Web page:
He hired a young Thurgood Marshall to defend wrongfully accused Black people against charges of inciting race riots, empowering Marshall to start the NAACP Legal Defense and Education Fund, filing lawsuits to desegregate government offices, the military and public schools, eventually leading to the groundbreaking case Brown v. Board of Education.
In 1955, White died at age 61 from a heart attack, leaving behind a complicated legacy. He may have achieved advances in racial justice, but his ability to straddle both racial lines at his convenience remained controversial among some African Americans.
“Soon after White died, a new generation of African American leaders emerged, and for these leaders his pale complexion was an inconvenience,” wrote A.J. Baime in White Lies: The Double Life of Walter F. White and America's Darkest Secret. But the impact of White’s civil rights work was reflected in the many tributes he received upon his death.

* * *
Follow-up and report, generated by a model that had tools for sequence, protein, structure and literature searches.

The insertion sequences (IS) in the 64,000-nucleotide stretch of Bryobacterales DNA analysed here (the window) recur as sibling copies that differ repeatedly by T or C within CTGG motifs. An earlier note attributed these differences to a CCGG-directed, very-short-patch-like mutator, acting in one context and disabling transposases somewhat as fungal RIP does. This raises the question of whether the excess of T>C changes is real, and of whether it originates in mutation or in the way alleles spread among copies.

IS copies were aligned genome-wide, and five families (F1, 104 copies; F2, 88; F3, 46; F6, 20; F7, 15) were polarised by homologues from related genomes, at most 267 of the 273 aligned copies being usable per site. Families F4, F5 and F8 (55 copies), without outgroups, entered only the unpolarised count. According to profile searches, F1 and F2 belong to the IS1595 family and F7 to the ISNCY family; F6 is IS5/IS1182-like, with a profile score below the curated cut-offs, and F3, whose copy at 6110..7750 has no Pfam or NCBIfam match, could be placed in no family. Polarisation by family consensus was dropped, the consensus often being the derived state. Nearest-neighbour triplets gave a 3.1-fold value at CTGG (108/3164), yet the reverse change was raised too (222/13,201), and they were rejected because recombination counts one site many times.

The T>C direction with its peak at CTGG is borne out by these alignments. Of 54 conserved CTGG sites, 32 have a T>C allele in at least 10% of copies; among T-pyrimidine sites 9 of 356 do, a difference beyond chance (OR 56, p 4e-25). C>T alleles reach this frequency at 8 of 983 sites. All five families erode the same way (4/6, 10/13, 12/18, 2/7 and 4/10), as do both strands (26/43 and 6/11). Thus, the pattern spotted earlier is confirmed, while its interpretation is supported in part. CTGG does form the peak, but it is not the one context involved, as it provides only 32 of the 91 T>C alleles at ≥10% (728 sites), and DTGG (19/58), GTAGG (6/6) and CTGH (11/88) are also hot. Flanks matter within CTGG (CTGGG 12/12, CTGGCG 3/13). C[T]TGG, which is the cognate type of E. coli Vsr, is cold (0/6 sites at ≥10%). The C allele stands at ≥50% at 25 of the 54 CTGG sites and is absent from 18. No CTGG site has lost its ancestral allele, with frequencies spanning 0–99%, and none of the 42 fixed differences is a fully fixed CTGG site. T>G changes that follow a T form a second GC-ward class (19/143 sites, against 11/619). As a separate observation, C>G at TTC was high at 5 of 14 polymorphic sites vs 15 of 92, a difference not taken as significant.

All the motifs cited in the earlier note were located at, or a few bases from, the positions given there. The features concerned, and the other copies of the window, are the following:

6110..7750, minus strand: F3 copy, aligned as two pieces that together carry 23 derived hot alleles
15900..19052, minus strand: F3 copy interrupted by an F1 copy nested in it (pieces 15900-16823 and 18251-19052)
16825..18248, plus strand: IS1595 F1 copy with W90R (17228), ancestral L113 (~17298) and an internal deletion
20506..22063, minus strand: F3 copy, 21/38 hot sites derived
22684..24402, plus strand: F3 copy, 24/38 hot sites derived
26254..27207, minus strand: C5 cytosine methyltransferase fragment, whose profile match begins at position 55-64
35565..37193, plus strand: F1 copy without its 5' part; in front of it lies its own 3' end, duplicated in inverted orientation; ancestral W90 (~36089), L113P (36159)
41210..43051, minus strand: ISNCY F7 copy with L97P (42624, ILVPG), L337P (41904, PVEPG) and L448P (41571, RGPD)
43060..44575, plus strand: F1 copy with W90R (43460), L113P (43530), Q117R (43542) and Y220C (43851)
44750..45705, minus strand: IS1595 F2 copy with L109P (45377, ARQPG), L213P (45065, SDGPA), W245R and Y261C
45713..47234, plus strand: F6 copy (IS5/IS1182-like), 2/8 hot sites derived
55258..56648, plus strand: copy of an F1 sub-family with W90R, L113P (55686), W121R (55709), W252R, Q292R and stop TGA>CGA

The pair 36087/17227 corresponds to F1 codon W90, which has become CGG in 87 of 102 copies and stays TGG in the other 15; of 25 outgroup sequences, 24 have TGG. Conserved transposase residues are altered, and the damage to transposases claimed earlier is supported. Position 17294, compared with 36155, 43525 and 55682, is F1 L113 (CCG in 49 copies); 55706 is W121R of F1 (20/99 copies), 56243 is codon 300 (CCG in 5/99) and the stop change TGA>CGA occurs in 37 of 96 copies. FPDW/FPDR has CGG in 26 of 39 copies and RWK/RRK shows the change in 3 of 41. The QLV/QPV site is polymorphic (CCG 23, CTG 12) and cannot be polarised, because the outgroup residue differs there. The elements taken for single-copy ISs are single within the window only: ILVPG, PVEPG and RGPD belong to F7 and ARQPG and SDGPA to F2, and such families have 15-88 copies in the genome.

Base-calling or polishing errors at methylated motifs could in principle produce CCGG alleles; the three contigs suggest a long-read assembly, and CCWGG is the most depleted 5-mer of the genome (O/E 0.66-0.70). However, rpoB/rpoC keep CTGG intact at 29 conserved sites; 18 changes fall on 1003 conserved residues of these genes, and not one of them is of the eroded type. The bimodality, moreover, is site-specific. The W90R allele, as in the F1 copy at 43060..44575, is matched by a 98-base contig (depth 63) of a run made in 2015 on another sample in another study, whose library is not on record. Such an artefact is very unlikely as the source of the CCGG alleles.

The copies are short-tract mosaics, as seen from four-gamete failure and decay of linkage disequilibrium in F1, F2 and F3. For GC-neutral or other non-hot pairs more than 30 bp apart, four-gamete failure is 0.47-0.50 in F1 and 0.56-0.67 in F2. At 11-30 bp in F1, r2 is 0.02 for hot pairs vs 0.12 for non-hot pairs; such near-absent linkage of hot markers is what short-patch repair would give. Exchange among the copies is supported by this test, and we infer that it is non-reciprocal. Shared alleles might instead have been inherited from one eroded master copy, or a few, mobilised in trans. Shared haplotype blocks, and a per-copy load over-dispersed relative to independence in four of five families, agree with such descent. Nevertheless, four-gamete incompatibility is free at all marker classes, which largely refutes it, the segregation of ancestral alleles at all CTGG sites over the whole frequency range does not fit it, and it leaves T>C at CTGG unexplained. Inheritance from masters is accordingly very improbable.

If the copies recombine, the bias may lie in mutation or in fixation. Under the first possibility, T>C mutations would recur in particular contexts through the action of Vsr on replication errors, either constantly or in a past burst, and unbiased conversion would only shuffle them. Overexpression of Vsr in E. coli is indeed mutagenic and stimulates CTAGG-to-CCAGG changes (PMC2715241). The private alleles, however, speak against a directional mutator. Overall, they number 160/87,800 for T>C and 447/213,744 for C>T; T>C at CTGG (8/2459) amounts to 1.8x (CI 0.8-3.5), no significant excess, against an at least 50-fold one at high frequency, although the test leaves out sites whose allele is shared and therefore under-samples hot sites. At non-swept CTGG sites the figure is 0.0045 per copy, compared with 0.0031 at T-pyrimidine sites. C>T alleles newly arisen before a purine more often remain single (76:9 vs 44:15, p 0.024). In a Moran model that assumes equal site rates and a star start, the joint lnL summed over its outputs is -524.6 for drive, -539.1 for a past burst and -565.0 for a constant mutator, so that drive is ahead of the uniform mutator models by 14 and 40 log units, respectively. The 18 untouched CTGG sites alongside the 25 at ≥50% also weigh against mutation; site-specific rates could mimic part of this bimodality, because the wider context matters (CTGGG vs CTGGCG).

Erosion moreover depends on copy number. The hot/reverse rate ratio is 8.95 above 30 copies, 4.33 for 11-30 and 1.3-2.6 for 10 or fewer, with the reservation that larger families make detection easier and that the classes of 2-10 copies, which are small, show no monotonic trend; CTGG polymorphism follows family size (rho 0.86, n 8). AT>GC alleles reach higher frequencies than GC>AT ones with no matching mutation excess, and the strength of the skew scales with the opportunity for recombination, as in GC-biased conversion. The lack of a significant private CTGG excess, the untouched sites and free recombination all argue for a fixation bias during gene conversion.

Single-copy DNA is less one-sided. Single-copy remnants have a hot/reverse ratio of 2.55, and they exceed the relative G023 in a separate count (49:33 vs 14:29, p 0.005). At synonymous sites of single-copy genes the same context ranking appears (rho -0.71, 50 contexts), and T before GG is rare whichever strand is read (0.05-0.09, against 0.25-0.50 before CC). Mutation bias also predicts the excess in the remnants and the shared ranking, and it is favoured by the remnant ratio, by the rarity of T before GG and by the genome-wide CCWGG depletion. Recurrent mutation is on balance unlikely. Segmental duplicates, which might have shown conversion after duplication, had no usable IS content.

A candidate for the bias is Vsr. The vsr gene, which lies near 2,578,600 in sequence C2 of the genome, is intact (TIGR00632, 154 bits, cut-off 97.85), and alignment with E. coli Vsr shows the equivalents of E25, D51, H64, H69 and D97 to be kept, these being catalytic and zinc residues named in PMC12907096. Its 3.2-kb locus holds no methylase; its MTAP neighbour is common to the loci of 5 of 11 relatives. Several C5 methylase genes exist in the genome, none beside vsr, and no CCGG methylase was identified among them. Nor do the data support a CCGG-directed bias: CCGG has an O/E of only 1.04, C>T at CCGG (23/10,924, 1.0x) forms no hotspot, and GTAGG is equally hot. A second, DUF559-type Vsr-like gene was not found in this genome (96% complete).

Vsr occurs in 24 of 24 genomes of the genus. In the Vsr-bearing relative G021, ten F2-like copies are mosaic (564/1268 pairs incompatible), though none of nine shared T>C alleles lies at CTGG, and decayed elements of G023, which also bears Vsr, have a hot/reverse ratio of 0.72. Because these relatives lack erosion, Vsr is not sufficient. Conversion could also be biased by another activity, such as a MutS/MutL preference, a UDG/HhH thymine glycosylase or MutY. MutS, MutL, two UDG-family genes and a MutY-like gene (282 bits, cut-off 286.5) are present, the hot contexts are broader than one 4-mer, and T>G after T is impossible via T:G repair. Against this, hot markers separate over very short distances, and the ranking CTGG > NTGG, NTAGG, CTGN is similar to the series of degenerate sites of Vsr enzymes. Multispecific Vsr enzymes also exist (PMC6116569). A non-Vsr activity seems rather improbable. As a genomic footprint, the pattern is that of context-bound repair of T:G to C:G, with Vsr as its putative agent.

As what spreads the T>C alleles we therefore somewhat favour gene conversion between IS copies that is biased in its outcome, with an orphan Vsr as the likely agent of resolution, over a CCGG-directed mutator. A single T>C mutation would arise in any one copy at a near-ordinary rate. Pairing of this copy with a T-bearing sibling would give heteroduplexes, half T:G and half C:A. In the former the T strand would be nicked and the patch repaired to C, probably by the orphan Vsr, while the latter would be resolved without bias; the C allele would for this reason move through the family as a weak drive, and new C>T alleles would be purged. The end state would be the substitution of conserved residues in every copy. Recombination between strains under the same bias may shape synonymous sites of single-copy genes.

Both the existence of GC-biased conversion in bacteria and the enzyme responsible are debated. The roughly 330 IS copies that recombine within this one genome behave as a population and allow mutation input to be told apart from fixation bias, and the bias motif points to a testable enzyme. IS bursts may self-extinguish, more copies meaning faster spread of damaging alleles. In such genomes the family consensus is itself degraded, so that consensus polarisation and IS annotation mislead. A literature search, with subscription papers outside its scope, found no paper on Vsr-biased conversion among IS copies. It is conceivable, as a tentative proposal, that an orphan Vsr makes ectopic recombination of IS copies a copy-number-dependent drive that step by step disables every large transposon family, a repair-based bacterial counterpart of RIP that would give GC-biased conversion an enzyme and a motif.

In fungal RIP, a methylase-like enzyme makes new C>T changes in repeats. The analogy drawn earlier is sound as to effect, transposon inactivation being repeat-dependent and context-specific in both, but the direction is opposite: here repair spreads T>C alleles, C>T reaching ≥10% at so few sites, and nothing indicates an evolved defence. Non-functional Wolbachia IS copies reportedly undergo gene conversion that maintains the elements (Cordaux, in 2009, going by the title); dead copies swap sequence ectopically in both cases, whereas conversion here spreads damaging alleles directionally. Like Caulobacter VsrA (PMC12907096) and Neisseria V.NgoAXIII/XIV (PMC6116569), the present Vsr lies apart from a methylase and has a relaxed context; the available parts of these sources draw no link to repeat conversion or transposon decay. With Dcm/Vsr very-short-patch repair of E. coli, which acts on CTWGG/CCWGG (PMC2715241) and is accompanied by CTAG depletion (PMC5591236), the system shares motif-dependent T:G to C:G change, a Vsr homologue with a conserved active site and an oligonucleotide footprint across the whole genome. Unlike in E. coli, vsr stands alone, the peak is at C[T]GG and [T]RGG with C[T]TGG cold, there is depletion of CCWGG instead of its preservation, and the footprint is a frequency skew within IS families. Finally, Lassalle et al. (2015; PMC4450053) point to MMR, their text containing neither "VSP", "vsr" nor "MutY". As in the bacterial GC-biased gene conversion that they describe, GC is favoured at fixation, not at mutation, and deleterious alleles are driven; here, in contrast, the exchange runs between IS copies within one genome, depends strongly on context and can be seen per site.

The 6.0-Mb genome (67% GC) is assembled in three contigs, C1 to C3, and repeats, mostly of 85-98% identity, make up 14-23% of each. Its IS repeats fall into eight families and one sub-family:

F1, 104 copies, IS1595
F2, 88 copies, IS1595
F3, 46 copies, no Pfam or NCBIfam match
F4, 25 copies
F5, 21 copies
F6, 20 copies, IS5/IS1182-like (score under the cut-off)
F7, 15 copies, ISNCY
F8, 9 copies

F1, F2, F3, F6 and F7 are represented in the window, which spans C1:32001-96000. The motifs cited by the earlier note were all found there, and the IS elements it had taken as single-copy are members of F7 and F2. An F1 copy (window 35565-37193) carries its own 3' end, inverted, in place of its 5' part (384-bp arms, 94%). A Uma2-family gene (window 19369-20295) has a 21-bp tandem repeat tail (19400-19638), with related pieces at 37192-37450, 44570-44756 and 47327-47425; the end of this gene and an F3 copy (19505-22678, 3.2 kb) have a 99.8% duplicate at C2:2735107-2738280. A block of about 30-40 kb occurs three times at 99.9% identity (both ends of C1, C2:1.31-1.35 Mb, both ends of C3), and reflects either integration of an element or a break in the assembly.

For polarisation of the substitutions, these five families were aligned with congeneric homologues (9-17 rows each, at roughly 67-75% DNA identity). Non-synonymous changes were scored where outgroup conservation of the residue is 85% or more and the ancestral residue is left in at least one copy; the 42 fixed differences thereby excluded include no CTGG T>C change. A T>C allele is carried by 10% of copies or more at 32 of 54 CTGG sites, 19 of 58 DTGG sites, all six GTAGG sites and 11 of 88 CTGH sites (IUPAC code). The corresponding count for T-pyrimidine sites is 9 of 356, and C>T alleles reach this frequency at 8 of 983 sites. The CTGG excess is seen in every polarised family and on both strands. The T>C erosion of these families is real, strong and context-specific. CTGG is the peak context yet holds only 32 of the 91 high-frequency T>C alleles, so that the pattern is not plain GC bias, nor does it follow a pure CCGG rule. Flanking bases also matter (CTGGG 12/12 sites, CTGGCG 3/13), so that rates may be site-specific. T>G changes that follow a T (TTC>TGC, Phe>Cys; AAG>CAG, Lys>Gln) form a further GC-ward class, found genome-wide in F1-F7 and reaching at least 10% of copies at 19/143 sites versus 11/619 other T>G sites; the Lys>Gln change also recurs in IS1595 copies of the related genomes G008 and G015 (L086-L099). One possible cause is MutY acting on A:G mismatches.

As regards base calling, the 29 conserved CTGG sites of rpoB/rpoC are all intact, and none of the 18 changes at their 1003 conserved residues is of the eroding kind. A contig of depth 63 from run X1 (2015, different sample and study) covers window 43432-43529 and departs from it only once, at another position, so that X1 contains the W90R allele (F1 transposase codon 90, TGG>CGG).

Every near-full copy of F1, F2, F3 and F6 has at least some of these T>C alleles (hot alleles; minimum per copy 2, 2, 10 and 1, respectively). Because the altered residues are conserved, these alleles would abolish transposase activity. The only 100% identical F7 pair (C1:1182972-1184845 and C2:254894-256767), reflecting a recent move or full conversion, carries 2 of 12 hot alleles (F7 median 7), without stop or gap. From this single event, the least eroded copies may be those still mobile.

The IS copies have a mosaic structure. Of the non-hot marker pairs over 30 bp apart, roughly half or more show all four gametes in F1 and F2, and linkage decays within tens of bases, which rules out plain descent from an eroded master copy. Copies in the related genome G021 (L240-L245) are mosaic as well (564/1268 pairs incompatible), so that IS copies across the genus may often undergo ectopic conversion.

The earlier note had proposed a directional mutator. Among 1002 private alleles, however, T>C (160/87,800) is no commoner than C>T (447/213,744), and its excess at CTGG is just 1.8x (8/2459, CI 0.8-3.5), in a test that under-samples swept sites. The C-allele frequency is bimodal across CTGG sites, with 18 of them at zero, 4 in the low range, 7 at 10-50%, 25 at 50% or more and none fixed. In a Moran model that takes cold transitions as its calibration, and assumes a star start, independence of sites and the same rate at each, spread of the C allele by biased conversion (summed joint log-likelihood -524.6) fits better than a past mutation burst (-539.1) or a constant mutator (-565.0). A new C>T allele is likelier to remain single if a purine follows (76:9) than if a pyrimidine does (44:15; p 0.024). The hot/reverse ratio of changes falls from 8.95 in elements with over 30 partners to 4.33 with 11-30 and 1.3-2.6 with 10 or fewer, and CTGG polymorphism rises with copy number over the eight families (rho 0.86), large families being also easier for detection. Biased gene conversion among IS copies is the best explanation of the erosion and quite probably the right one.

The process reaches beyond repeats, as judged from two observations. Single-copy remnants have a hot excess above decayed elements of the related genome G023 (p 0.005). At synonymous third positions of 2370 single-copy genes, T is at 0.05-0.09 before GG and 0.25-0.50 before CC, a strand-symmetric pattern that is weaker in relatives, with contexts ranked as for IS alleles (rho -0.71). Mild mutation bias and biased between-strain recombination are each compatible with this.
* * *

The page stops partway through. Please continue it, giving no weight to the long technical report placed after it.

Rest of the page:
As New York's African American newspaper The Amsterdam News wrote, “White’s cocky aggressiveness stayed with him as long as he lived—as did his boyhood vanity. But it was these very qualities that helped to make him the best lobbyist our race has ever produced, and one of the very best of any race."